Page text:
J.R. Smith is one of the most fascinating players still on the free agent market. He is unrestricted, and can sign with any team he chooses. He turned down his player option which would have paid him in excess of $6 million. Smith will turn 30 years old in September. He's had what could charitably be described as a bumpy career. There have been real highs; Smith is a uniquely talented player who can really get it going shooting the ball. There have been serious lows; from suspensions to bad shot selection to a propensity for the nightlife.
So the question for Smith this summer would be: should he take the guaranteed money? Or try and capitalize on his strong play for the Cavaliers and get a bigger deal. And make no mistake, J.R. Smith was really good for the Cavaliers. In the 46 regular season games he played for Cleveland, Smith's true shooting rate was nearly eight points better than what he had done this year for the New York Knicks. He brought his usage rate down from 23.3% to a much more manageable 17.6%. Sure, the Cavs were asking him to do less than the Knicks were. But Smith showed he could be a team player and fulfill a role. He bought in and even defended.
The playoffs were a bit more of a mixed bag. He was suspended for two games of the second round matchup with the Chicago Bulls. He struggled in the Finals with Kevin Love and Kyrie Irving out due to injury, with his poor offense clearly leading to even worse defense. But he mixed in timely shooting before the Finals, and for the most part was dialed in. He continued to work hard and had a clear rapport with LeBron James.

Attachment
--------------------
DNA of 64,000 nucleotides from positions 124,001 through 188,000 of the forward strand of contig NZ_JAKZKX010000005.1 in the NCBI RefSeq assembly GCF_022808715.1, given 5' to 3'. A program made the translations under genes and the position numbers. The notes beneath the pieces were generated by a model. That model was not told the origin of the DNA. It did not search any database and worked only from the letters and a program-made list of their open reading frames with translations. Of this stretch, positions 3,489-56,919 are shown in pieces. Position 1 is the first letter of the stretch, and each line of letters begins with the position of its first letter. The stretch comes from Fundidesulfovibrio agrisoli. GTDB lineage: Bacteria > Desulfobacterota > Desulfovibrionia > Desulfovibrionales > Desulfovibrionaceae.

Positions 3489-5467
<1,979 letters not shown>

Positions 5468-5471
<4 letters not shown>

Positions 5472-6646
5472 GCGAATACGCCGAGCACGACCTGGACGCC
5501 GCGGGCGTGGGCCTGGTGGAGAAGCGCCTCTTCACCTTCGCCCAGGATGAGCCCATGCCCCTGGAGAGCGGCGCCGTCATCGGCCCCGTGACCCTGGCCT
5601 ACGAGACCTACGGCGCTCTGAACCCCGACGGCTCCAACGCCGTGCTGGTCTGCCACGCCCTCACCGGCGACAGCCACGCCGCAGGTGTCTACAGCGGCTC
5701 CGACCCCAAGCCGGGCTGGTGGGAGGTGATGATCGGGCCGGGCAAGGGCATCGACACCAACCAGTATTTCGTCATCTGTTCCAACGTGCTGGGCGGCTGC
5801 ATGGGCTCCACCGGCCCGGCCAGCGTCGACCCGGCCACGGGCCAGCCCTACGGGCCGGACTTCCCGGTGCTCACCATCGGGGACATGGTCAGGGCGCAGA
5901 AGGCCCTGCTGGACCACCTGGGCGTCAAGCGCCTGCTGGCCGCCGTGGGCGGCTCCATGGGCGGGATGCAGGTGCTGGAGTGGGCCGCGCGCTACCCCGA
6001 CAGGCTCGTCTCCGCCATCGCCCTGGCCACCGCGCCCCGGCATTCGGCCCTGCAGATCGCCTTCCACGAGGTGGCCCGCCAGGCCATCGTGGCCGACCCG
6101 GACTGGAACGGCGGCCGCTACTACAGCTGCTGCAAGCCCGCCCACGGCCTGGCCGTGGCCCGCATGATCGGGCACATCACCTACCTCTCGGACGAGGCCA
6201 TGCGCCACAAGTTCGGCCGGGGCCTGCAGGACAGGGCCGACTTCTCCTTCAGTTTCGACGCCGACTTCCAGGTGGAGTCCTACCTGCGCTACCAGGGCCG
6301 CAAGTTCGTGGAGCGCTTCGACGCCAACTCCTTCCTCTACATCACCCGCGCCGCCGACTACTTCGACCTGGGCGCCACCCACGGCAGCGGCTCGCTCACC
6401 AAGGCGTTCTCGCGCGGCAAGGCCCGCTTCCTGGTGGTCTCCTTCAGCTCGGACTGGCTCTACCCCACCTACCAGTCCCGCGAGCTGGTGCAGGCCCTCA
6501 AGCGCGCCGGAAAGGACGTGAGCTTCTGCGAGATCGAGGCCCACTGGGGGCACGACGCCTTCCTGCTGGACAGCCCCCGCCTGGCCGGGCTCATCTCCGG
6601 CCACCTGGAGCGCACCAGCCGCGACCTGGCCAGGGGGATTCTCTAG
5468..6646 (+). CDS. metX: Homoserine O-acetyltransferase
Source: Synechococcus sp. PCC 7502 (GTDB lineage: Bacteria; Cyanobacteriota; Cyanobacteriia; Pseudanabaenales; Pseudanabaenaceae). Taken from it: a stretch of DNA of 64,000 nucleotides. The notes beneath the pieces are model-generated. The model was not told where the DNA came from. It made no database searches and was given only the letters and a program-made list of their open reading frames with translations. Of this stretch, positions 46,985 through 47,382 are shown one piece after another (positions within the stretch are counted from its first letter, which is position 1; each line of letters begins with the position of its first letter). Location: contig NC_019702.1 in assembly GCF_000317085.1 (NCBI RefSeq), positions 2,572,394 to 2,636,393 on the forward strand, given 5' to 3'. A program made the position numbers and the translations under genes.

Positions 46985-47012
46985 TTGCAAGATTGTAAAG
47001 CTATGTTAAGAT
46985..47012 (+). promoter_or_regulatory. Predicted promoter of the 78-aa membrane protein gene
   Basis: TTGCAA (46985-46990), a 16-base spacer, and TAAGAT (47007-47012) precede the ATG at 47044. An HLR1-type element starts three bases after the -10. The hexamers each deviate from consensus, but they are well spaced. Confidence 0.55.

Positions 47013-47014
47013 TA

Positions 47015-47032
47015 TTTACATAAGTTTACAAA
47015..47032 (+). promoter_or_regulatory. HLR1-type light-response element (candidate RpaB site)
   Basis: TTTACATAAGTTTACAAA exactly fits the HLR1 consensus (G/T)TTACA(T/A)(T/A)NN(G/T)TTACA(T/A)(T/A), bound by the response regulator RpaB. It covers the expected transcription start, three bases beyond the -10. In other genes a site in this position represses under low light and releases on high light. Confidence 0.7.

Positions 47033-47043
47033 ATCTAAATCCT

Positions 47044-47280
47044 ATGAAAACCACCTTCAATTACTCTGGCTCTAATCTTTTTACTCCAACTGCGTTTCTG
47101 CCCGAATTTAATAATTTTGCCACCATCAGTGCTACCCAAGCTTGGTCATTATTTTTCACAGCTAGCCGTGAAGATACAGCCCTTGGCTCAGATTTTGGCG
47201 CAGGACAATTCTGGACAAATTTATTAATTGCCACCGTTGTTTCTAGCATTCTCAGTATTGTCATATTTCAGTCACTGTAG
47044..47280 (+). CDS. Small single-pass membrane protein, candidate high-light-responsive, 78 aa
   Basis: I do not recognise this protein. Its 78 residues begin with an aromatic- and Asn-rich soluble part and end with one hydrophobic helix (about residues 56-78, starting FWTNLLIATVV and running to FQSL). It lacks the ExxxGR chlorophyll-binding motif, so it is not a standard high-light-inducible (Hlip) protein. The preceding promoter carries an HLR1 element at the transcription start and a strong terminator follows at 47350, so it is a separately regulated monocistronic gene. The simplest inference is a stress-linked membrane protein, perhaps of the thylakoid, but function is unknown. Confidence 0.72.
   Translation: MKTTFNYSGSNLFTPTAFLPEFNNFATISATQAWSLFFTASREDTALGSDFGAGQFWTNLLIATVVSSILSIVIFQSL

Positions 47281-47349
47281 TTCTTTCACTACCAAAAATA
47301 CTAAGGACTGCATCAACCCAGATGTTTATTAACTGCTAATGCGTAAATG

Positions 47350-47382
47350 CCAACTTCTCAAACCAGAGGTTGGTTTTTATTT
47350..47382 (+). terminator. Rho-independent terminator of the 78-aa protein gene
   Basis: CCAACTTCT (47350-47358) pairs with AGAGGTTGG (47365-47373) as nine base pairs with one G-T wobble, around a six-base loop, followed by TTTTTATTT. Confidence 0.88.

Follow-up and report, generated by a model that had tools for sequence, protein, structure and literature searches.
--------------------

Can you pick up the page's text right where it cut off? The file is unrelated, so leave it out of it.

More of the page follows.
The JR Smith situation is a case study for all future players with options. Never opt out of a contract without a deal in your back pocket.— Bobby Marks (@BobbyMarks42) July 19, 2015
As we get further into free agency, Smith's deal is not done. Most guys who opt out have quasi-legal agreements largely agreed to. You very, very rarely see someone opt out and not get a bigger deal. The Cavs are in a similar position with Smith that they are with Tristan Thompson: they don't have cap space to sign a replacement for him. They can go over the cap to keep J.R., and they may yet do that. Otherwise, it's whatever or whoever they can get for the veteran's minimum.
On the other hand, the Cavs do have a bit of leverage. They know that Smith wants to be in Cleveland. They know that his checkered past means that most teams aren't all that interested in the guy. They know every dollar they give J.R. means a larger tax bill at the end of the year. Until Smith gets a big offer from someone else, the Cavs can wait for Smith's price to drop. I thought going into free agency that maybe Smith would end up missing out on the dollars bonanza. I'm feeling pretty good about that prediction now. I thought a three year, $15 million deal with a team option for the third year was a strong possibility. I'm starting to wonder if that was too much.
One of the problems with Smith is that at this point, if you give him multiple guaranteed years it might end up being impossible to move. If he can't even make it work next to LeBron James, well, it's hard to see it happening. Even with Smith on his best behavior he found himself suspended for multiple playoff games. The Cavs might need his shooting. It's likely he'll be back. They might get him at a better deal than people once thought.